You're welcome! And as I mentioned in my post, there are many ingredient substitutes offered by people in the comments section of the recipe post, but it would entail you reading through them to find out what those are. I also mentioned two in my post that has neither of the things you named. Oh well. Good luck!
2 months ago
The following recipe is a link to a gluten-free bread that has buckwheat as its main component. From what I read, buckwheat is not a grain, and, of course, not a type of wheat at all. The recipe does call for rice, but if you read the comments at the bottom of the page, you will read about many people making all sorts of substitutions. Someone, for example, mentioned making the bread with buckwheat, lentils, and chickpea flowers for her grain-free child, and mentioned that it came out very good. The bread gets rave reviews all-around.

https://elavegan.com/gluten-free-vegan-bread/#wprm-recipe-container-8268
2 months ago

Nicole Alderman wrote:I haven't shipped mine out yet--I just went online and put my information into USPS's shipping calculator. I read through the shipping prices at least twice, but it looks like I'm blind, because I did not see the First Class shipping info. It still shows $4.45 and not $3.40, though.  Thank you so much, because you've given me hope--$4.45 is still a lot better than $9.65! I don't understand why they bury the First Class prices online. Thank you for pointing them out!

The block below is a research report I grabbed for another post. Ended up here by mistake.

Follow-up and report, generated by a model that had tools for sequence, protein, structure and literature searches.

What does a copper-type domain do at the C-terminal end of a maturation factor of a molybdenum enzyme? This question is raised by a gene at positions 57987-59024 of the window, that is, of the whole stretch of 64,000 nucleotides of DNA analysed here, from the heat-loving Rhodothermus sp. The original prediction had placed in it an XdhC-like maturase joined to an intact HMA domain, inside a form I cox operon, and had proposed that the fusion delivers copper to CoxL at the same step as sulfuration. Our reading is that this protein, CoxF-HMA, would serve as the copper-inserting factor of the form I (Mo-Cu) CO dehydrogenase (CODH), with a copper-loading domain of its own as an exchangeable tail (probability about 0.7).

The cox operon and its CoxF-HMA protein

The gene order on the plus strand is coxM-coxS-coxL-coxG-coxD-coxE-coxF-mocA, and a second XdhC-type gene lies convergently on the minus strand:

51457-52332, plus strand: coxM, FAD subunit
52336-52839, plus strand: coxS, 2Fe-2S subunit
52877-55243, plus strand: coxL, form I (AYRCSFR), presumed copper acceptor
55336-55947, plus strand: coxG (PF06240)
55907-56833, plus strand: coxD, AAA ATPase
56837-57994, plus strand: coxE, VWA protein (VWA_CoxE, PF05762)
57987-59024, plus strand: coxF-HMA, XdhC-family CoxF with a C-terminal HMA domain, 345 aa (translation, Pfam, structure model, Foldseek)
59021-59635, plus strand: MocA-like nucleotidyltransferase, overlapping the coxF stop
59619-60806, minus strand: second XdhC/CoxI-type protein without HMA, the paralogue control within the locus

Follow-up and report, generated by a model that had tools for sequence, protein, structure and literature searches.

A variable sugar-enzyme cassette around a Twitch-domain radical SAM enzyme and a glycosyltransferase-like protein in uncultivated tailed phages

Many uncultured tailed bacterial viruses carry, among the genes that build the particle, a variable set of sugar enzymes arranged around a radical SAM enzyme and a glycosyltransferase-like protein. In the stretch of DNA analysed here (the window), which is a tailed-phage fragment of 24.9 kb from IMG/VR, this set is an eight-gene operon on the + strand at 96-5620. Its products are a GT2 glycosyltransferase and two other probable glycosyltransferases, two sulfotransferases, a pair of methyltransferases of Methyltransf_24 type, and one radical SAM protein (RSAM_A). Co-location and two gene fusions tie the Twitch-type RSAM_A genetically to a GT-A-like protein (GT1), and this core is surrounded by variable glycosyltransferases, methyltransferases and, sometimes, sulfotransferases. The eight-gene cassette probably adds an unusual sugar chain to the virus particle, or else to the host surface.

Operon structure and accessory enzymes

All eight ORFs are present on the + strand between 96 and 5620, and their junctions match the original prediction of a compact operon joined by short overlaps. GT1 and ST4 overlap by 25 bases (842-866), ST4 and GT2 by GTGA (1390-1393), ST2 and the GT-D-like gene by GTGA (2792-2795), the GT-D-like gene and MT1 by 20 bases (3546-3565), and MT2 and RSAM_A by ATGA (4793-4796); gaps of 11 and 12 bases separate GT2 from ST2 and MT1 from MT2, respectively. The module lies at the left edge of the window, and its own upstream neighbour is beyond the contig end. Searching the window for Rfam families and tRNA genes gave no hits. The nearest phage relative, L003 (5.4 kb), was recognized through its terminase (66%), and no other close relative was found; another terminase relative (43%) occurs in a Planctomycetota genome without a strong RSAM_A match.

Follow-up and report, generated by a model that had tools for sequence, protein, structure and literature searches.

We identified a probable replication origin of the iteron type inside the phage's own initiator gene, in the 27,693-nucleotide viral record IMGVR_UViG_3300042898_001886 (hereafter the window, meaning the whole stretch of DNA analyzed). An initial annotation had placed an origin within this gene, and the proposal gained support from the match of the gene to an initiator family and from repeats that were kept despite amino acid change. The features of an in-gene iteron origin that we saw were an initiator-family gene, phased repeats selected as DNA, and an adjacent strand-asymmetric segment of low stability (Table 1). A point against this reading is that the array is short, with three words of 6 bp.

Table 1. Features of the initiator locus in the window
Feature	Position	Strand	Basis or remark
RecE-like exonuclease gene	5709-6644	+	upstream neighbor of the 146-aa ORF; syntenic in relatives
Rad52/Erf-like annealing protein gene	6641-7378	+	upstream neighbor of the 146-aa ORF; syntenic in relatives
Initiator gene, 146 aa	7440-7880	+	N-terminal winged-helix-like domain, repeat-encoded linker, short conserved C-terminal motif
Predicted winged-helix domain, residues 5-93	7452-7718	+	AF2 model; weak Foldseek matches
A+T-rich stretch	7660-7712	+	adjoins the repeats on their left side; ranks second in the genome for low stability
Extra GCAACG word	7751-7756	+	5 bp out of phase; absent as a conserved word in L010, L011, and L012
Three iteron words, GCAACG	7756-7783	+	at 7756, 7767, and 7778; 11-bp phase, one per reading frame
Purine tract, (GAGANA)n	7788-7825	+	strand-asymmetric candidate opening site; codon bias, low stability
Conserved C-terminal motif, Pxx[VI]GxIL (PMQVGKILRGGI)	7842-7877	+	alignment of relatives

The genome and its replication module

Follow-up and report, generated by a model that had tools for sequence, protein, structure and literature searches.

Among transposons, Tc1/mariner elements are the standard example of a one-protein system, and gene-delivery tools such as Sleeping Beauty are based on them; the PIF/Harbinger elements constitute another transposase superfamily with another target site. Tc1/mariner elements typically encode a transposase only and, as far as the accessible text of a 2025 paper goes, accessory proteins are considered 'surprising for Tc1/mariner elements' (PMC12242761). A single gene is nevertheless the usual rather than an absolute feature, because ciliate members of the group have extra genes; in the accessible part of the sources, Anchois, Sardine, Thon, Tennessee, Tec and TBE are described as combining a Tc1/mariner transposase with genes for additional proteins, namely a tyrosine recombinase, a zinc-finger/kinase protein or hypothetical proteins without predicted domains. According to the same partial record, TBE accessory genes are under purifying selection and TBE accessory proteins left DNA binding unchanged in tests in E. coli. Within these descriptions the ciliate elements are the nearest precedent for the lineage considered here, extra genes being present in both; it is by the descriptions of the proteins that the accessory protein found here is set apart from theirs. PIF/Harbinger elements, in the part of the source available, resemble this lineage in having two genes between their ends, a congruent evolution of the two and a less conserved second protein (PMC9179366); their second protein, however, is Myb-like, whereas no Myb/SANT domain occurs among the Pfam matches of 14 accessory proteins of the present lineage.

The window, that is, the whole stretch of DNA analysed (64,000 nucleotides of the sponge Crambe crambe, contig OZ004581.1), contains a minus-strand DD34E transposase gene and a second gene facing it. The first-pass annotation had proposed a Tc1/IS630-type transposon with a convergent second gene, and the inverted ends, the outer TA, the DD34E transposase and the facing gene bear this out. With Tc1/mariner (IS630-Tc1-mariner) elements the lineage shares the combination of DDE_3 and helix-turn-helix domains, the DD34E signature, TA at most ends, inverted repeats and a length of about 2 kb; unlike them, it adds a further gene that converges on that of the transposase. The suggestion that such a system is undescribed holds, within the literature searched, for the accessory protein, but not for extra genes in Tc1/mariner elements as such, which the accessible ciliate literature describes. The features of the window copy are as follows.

Mine was less than what is shown on the USPS shipping calculator because I bought the postage through www.pirateship.com. They are kind of a USPS postage wholesaler and anyone can sign up with an email address and a password. I use it for my business packages as well as sending personal things.
2 months ago

Nicole Alderman wrote:I was extremely disappointed when I checked the shipping costs recently. For a 3 ounce tiny package (super light!), it costs $9.65 to ship WITHIN the US. Just three years ago, that would have cost only $3.50. I have to go and update all of my listings here on permies to reflect the raised price. It's so sad, because I try really hard to make my creations reasonably priced so people can buy natural toys and sculptures, and the shipping increases have made that impossible.



I, too, sent a package today, except that it was 4 ozs. I paid $3.40 for postage. I don't understand how yours could have been so much. What shipping service did you use? I used USPS. Anything under 16 ounces is considered First Class mail. Did you send yours First Class? And was it USPS? Even though USPS keeps going up, it is still the least expensive shipping service in the US.

I forgot to add that I use a site called Pirate Ship (pirateship.com) where one gets discounted USPS rates. When I bought the postage today through pirateship, the price above is what I paid. Had I gone to the post office to buy the postage, it would have cost $4.20 which is still quite a bit less than what you paid.
2 months ago